• [0083]
    In a further exemplary embodiment of any one of the methods above, the method also includes receiving the at least one data caveat with the at least one data record.
  • [0084]
    In another exemplary embodiment of any one of the methods above, the method also includes receiving the at least one data record at a first time and receiving the at least one data caveat at a second subsequent time.
  • [0085]
    In a further exemplary embodiment of any one of the methods above, the method also includes receiving a query; and responding to the query based at least in part on the caveat table(s) and the content table(s). The query may be a structured query language (SQL) query.
  • [0086]
    Another exemplary embodiment provides an article of manufacture for storing data caveats for databases. The article of manufacture is tangibly embodying computer readable non-transitory instructions which, when implemented, cause a computer to carry out the steps of a method. The method includes storing at least one data element in at least one entry in a database. The method includes storing at least one data caveat having a relationship to the database in at least one record in a caveat table. A data caveat has a relationship to the database when the data caveat applies to: a record in the content table or the content table itself. The method also includes storing, in a memory device, an indication of the relationship.
  • [0087]
    In a further exemplary embodiment of the article of manufacture above, the at least one data caveat applies to at least one content table. The indication of the relationship is embodied in a field in the caveat table.
  • [0088]
    In another exemplary embodiment of any one of the articles of manufacture above, the at least one data caveat applies to the at least one content table. The indication of the relationship to one or more specific records in a content table is embodied in a field in the at least one entry in the content table. The field may include at least one bit and each of the at least one bit corresponds to a record in the caveat table.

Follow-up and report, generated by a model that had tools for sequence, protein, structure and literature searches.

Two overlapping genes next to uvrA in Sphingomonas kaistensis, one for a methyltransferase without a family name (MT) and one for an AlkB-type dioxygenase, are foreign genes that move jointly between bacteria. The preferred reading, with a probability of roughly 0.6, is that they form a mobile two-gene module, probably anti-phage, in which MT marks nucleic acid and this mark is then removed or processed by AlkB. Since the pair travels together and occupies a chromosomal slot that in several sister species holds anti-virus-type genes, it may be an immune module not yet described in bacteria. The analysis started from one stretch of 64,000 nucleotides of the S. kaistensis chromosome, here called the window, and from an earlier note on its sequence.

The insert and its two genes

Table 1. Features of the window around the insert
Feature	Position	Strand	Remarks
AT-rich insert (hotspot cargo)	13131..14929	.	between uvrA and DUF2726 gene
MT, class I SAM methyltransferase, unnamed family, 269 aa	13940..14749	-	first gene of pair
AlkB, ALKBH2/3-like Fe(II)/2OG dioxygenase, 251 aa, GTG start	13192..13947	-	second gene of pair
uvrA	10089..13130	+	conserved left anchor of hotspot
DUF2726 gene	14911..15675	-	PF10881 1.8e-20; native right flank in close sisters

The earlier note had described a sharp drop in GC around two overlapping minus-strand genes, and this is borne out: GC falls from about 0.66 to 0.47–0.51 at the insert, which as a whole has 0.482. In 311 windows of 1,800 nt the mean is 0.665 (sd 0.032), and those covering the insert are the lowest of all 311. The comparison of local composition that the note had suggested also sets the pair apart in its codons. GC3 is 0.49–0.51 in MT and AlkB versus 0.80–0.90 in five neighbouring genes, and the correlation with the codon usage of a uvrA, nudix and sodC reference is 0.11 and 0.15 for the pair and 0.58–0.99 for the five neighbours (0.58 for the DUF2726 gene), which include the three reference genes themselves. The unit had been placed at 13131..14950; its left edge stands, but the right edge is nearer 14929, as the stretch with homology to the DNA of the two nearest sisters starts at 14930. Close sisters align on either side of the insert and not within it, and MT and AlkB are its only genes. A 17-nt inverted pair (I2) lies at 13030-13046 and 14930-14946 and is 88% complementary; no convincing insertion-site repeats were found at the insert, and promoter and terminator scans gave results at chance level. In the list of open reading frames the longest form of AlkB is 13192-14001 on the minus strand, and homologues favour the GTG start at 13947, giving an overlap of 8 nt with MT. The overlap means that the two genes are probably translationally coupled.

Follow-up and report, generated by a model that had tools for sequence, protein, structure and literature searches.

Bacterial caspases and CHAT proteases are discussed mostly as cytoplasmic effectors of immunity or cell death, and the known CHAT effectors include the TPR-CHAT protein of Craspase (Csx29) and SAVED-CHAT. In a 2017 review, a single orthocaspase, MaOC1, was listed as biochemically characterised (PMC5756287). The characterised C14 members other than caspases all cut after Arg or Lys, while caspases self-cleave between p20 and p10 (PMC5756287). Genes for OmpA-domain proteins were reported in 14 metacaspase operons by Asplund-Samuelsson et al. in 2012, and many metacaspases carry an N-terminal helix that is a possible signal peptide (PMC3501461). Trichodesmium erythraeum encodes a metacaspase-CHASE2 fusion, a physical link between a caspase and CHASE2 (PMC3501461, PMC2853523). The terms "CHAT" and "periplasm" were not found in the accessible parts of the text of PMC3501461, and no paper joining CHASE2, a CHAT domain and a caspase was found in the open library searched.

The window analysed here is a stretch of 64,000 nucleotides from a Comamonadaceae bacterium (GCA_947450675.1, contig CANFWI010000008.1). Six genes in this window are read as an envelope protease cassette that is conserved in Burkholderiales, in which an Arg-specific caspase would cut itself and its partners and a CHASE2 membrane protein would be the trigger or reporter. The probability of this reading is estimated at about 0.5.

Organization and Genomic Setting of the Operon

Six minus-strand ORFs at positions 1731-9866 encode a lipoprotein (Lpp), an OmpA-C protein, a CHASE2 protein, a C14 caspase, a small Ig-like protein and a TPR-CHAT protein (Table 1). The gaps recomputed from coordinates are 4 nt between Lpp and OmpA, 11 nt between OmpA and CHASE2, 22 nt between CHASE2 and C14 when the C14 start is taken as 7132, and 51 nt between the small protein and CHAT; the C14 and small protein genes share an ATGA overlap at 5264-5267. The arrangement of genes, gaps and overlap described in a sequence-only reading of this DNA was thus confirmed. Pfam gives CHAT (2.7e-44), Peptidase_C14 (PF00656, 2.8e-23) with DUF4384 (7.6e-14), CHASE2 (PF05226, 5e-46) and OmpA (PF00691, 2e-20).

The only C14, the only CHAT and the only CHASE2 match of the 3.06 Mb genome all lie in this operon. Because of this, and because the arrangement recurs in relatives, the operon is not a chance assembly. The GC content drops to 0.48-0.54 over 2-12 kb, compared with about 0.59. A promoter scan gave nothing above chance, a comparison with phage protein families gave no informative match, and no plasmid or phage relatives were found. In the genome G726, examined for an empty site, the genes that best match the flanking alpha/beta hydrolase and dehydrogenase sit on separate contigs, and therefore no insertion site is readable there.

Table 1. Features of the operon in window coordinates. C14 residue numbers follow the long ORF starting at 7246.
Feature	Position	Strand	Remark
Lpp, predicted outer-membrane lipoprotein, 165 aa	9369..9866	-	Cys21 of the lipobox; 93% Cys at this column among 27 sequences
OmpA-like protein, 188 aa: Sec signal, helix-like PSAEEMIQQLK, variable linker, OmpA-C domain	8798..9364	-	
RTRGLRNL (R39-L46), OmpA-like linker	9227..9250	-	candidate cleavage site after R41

• [0089]
    In a further exemplary embodiment of any one of the articles of manufacture above, storing the at least one data caveat includes adding a record to the caveat table. Storing the indication of the relationship to specific records in a content table includes changing at least one bit in a field in an entry in the content table.
  • [0090]
    In another exemplary embodiment of any one of the articles of manufacture above, each record in the caveat table includes a field indicating a database associated with the data caveat in the record. A content table is associated with a data caveat when the data caveat has a relationship to the content table.
  • [0091]
    In a further exemplary embodiment of any one of the articles of manufacture above, the method also includes receiving the at least one data caveat with the at least one data record.
  • [0092]
    In another exemplary embodiment of any one of the articles of manufacture above, the method also includes receiving the at least one data record at a first time: and receiving the at least one data caveat at a second subsequent time.
  • [0093]
    In a further exemplary embodiment of any one of the articles of manufacture above, the method also includes receiving a query: and responding to the query based at least in part on the caveat table(s) and the content table(s). The query may be a structured query language query.
  • [0094]